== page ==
Update on new treatment options
Friday, 6 November 2020
An update from HFA about the arrangements to access Hemlibra®, a treatment for haemophilia, and HFA’s ongoing work to advocate for new treatments.
We are pleased that all Australian governments have agreed to fund Hemlibra® and that it is now available under the national blood arrangements along with the suite of other treatment products on the National Blood Authority’s National Product List.
Hemlibra® (also known as emicizumab) is a treatment that can reduce or prevent bleeding in people with severe or moderate haemophiia A with and without inhibitors.
There are specific regulatory requirements for Hemlibra®. It is available through specialist clinicians at Haemophilia Treatment Centres and distribution is through local or community pharmacies, with home delivery in exceptional circumstances. Further information is available on the National Blood Authority website - National supply arrangements for Hemlibra (emicizumab)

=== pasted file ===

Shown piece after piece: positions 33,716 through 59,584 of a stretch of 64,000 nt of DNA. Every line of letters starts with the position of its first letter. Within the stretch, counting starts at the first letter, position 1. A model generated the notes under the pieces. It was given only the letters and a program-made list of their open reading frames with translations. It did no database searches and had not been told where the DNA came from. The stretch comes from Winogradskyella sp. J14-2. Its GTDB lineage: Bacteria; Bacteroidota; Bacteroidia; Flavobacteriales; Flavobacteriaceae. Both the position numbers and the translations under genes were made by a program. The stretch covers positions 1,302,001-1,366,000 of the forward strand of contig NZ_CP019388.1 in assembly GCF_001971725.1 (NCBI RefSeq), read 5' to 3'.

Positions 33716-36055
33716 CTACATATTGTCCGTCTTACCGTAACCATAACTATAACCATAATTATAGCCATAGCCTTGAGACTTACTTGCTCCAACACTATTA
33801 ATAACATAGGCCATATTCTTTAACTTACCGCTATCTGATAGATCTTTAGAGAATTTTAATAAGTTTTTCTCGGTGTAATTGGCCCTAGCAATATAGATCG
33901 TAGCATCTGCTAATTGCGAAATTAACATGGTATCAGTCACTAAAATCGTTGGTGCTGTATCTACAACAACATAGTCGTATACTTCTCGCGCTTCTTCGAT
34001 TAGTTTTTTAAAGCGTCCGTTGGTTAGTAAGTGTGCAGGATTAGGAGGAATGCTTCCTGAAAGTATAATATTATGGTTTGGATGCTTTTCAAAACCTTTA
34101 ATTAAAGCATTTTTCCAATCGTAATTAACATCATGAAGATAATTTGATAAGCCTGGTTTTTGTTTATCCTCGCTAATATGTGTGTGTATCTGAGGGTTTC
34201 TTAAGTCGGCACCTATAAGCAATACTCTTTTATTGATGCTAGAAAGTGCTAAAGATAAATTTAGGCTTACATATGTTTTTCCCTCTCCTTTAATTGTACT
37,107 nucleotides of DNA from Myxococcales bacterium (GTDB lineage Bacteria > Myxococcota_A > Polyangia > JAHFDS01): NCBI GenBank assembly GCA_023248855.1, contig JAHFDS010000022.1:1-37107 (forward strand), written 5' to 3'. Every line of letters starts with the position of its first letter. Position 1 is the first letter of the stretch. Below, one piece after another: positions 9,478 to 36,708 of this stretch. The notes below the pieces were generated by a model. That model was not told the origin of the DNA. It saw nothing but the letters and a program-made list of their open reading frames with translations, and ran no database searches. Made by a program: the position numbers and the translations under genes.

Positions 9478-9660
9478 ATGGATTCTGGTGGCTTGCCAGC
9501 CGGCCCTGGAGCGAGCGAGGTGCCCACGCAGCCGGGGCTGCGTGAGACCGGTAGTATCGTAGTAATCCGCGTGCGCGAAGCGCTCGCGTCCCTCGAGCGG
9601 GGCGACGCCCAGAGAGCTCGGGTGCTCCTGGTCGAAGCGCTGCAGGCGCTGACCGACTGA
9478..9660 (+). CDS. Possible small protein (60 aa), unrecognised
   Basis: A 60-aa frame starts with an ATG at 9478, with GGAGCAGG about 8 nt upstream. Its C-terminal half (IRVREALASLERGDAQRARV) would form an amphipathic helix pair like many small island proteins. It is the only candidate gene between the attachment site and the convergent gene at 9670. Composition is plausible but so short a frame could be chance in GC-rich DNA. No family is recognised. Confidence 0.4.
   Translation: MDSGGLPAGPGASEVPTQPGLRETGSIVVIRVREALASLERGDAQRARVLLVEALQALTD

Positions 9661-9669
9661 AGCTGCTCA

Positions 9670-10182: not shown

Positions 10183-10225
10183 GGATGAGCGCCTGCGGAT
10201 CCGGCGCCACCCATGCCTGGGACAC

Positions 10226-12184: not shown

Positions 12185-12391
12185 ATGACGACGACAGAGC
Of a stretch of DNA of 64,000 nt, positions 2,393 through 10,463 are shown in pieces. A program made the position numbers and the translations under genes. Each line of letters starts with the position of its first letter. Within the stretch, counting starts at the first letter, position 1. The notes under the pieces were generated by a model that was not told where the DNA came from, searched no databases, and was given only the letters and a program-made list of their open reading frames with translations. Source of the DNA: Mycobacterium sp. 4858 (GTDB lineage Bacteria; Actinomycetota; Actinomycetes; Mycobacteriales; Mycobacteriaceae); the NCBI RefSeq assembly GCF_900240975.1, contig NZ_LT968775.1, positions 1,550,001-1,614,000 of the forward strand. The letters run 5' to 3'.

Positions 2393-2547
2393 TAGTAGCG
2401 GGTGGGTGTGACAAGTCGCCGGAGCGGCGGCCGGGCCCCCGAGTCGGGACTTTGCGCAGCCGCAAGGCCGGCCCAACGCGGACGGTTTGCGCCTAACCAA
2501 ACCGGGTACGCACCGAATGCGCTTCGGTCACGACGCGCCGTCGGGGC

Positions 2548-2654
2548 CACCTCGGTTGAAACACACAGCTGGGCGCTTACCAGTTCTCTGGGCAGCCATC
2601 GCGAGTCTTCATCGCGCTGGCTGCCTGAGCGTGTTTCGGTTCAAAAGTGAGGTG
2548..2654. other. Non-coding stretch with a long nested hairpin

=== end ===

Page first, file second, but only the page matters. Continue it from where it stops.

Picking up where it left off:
If you have any questions about your treatment or treatment products, it is recommended that you discuss them with your doctor at your Haemophilia Treatment Centre.
HFA will continue to advocate for treatment and care that will offer the best outcomes for our community. This work also involves consulting with the community about your healthcare requirements and helps us make recommendations for improvement.
For example, this week HFA made a submission to the Australian Parliamentary Committee undertaking an Inquiry into approval processes for new drugs and novel medical technologies in Australia
. Our recommendations for changes to the assessment processes were based on recent experiences of processes that contributed to delays for access to extended half-life clotting factors and Hemlibra®. With more new therapies for haemophilia likely to arrive in the next few years, it is an important time to consider ways to streamline the processes to evaluate new therapies for government funding so that these delays do not occur again in the future.
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Date last reviewed: 6 November 2020